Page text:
Affordable Housing for the Ultra-Rich
The Rafael Viñoly Architects-designed 432 Park Avenue tower, located between East 56th and 57th Streets, recently topped out, and is being lauded not just as the tallest tower in New York City, but of the entire Western Hemisphere. The slender residential tower, a perfect square of architectural concrete, rises 1,396 feet and boasts spectacular views; it can be seen from all boroughs. A collection of 104 luxury condo residences, designed by Deborah Berke Partners, start at 356 feet above grade. They range in size from 3,575 to 8,255 square feet, including half-floor residences as well as full-floor penthouses that boast 12.5-foot finished ceiling heights. The project includes 30,000-square-feet of amenities, including a private restaurant, outdoor garden, spa and fitness center, 75-foot indoor swimming pool, and everything else expected in an ultra-luxurious tower. The project is being developed by CIM Group and Macklowe Properties, with Handel Architects serving as master-planner, SLCE as executive architect, and Lend Lease as general contractor. More than half of the units have already been sold, and residents are expected to move in next year.
Downtown Brooklyn’s Newest Quartet of Mixed-Use Buildings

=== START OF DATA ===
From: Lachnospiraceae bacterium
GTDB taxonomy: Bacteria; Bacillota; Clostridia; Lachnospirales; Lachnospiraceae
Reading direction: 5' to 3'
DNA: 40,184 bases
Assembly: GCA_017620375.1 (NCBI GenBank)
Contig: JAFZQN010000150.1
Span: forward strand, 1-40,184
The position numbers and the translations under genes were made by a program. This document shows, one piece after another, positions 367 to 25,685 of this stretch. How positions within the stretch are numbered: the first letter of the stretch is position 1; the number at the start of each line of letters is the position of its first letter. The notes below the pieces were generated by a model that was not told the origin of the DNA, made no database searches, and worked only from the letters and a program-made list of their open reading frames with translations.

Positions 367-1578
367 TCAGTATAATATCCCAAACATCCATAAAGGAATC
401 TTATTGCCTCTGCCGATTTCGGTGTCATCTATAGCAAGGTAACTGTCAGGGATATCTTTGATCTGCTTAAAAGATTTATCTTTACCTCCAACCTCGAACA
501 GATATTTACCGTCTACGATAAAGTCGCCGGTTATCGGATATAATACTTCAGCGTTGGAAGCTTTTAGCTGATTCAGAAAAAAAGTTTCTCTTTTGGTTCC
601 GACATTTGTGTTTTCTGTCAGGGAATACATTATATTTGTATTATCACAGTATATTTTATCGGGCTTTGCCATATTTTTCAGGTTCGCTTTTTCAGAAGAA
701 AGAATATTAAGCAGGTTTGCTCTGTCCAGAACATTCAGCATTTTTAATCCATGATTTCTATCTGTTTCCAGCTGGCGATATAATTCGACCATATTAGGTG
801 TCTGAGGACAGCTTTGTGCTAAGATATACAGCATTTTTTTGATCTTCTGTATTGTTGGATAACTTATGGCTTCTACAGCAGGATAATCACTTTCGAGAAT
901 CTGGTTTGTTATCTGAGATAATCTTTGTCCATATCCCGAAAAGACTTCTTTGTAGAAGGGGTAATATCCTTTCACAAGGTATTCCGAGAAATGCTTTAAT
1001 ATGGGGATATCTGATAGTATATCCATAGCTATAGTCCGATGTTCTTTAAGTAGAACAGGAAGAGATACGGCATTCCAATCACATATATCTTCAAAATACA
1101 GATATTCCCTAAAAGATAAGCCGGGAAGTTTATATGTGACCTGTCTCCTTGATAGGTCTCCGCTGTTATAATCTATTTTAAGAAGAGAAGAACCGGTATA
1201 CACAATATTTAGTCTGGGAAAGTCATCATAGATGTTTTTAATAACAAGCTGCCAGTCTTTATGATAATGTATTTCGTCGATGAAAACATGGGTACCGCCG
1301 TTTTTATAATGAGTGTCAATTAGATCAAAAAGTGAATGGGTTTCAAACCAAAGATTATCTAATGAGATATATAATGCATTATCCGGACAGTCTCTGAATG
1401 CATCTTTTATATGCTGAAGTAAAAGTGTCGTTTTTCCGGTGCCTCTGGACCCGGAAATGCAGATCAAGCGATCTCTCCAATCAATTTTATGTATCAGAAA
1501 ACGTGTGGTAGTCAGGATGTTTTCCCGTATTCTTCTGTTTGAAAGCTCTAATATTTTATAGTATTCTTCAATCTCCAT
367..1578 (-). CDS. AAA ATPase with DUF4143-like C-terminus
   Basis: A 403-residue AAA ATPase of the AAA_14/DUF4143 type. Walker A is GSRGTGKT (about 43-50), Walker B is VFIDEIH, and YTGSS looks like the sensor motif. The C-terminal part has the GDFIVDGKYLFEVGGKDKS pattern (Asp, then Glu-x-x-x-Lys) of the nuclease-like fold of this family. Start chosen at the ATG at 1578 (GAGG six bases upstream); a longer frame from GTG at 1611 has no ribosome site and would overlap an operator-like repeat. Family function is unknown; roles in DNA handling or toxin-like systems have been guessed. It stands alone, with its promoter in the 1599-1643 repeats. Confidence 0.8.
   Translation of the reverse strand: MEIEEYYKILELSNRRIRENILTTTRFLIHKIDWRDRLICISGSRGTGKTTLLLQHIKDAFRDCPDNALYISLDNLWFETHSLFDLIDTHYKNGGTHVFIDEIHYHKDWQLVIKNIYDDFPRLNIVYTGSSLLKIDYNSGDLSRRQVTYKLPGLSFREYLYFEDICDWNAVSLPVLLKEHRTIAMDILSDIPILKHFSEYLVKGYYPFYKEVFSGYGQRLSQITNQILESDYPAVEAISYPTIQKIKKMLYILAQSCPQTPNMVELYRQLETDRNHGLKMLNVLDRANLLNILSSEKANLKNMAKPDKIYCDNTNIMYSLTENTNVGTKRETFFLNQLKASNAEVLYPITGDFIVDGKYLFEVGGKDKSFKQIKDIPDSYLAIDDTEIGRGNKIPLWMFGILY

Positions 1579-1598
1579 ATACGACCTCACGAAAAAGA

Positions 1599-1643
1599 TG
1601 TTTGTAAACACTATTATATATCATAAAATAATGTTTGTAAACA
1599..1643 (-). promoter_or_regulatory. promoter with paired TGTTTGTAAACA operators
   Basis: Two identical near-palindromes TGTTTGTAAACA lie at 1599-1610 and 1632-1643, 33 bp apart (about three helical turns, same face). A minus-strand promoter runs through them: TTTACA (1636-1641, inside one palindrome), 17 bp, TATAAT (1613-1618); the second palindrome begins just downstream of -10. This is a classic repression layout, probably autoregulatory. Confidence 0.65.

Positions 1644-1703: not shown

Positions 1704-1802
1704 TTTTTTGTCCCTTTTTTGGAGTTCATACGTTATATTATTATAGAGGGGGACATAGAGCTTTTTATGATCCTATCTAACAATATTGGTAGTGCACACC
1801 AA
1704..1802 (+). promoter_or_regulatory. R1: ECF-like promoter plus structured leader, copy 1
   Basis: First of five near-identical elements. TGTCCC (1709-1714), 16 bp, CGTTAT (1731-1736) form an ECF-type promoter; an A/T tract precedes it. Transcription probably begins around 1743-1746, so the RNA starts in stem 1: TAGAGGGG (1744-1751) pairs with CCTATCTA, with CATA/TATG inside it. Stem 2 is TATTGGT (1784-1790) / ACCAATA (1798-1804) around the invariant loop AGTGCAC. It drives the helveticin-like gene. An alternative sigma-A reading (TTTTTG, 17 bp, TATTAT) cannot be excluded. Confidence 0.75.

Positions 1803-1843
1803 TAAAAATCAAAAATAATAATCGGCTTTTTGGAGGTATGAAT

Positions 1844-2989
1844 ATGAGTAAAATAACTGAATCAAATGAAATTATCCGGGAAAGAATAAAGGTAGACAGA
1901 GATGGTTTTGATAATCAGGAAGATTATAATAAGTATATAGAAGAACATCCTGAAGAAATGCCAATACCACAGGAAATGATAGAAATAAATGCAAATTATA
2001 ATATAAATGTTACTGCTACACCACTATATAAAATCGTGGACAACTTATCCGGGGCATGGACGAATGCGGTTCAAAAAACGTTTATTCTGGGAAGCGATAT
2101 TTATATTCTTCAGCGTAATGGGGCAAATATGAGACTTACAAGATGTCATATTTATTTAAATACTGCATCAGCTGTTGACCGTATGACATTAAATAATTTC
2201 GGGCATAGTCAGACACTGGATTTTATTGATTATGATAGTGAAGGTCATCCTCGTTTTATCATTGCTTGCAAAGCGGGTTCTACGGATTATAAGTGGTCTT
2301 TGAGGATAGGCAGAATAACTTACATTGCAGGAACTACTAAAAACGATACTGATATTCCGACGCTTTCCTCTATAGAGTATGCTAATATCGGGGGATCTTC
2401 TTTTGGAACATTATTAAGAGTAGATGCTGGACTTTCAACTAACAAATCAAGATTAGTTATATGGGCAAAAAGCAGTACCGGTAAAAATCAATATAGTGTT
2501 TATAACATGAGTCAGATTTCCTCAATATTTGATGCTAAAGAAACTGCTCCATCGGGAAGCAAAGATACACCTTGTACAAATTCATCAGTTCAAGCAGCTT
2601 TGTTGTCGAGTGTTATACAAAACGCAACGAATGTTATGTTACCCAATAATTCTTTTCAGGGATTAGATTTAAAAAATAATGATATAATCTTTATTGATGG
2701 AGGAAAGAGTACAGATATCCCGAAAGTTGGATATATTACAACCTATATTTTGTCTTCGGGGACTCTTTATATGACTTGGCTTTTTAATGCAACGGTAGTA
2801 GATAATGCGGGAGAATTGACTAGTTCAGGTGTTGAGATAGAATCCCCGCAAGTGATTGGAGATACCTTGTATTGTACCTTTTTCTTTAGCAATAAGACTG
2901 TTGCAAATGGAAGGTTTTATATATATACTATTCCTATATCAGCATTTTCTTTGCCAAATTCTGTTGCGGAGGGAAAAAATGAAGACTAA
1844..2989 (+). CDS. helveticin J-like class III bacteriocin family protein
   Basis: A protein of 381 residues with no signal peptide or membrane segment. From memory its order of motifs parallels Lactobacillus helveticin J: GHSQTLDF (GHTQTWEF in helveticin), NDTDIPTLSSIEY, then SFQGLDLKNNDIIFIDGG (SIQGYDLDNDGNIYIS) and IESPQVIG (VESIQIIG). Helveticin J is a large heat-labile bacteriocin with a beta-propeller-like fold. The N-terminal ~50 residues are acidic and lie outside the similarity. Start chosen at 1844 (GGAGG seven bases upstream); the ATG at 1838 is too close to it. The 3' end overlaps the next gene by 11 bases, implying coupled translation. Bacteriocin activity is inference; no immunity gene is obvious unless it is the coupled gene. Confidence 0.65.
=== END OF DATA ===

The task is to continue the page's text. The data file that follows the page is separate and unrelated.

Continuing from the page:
Plans for 86 Fleet Street, the latest project in the Myrtle Avenue development in downtown Brooklyn, have been released. Designed by Goldstein, Hill & West, the 440-unit, 32-story tower includes 385,000 square feet of residential space, and an additional 10,000 square feet of retail space at the ground level. It is expected to break ground in the first quarter of 2015. The project is the final piece in a four-building development, master-planned by Dattner Architects, whichis also responsible for the three other buildings in the quartet – The Andrea, aka 218 Myrtle, completed in 2010; 180 Myrtle, in design phase; and the Giovanni, aka 81 Fleet Place, which is currently under construction.. All four buildings are developed by the Red Apple Group.
This Just In
The New York City Department of City Planning (DCP) has released Retrofitting Buildings for Flood Risk, a guide to aid in retrofitting strategies that will enable home and property owners to reduce the risk of damage and disruption from coastal flooding. The guide lists the current federal regulations for buildings in urban environments.
Studio Vendome launches its new architecture and design gallery with an exhibition of paintings by architect Michael Graves, FAIA. A collection of 60 works, including landscapes and still lives, is view now through 12.31.14.
The IFC Center, in partnership with Ennead Architects, presents Reframed: Art/Architecture/Design/Film, a monthly series that explores the intersection of cinema, architecture, and design with screenings and panel discussions. The program launches with a screening of the documentary HELVETICA (2007), about Massimo Vignelli’s nearly ubiquitous typeface, on Monday, 10.20.14 at 8:00pm.
Let there be LEDs! Artist Ryoji Ikeda’s film test pattern will be reimagined on Times Square billboards from 11:57 to midnight each night now through 10.31.14. Public Art Fund presents artist John Gerrard’s Solar Rerserve, a frameless LED wall re-creating a Nevada solar thermal power plant and the surrounding desert landscape, now on view at Lincoln Center through 12.01.14…and the first annual New York Festival of Light takes place along the anchorage of the Manhattan Bridge in DUMBO on 11.06-08.14.